Crowd hails delayed opening of SF’s Central Subway to Chinatown

Thousands of people crowded onto trains and station platforms inside Muni’s new Central Subway Saturday morning, vying to be among the first to witness the opening of San Francisco’s most anticipated transit project in decades.

The enthusiasm of riders, community advocates and elected officials who rode the first train ride at 8 a.m. in the Central Subway, underscored the enormous buzz surrounding a rail project that for years seemed to exist only on paper.

“We have waited so long for this special day,” said the Rev. Norman Fong, former executive director of the Chinatown Community Development Center. “This (subway) is priceless. This is a shared dream.”

The sun hadn’t yet risen over San Francisco before a crowd of about 50 people was already waiting outside Chinatown-Rose Pak Station, the new terminus of Muni’s T-Third Street line, to get a seat on the first subway ride.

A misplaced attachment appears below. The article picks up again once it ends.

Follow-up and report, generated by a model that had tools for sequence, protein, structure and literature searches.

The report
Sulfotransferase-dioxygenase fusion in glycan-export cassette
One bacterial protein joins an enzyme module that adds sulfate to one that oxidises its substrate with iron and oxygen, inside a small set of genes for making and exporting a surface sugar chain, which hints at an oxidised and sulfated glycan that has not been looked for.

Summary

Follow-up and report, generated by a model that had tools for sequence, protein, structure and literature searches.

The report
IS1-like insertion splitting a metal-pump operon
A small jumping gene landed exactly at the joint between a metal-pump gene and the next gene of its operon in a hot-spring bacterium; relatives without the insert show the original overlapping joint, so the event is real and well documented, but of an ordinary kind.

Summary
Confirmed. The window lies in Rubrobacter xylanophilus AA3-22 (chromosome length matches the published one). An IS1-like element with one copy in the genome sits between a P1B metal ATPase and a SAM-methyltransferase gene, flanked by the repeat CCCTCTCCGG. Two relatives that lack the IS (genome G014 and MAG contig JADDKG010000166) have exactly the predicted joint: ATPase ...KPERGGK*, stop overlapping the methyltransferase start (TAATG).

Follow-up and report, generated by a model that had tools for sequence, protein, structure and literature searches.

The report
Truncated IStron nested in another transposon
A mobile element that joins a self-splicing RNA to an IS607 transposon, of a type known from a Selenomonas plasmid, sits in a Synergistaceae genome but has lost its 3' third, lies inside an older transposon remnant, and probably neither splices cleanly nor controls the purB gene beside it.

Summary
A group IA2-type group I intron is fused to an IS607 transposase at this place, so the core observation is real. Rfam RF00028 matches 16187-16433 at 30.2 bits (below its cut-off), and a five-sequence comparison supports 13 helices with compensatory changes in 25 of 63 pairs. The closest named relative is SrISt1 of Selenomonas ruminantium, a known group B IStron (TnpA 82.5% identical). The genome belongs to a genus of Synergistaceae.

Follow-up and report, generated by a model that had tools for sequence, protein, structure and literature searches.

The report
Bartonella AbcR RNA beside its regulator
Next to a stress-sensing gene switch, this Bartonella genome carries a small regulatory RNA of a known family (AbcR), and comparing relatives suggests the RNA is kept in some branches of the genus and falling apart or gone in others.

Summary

Rev.  Norman Fong blesses a plaque commemorating Rose Pak, a driving force behind the creation of the Central Subway.

Rev. Norman Fong blesses a plaque commemorating Rose Pak, a driving force behind the creation of the Central Subway.

Yalonda M. James / The Chronicle

The $1.95 billion, 1.7-mile subway extension took more than a decade of construction and nearly 40 years from conception to reality. The subway cuts through the most densely populated parts of San Francisco and is particularly important to the city’s Chinatown neighborhood, whose residents hope it will spur an economic revival.

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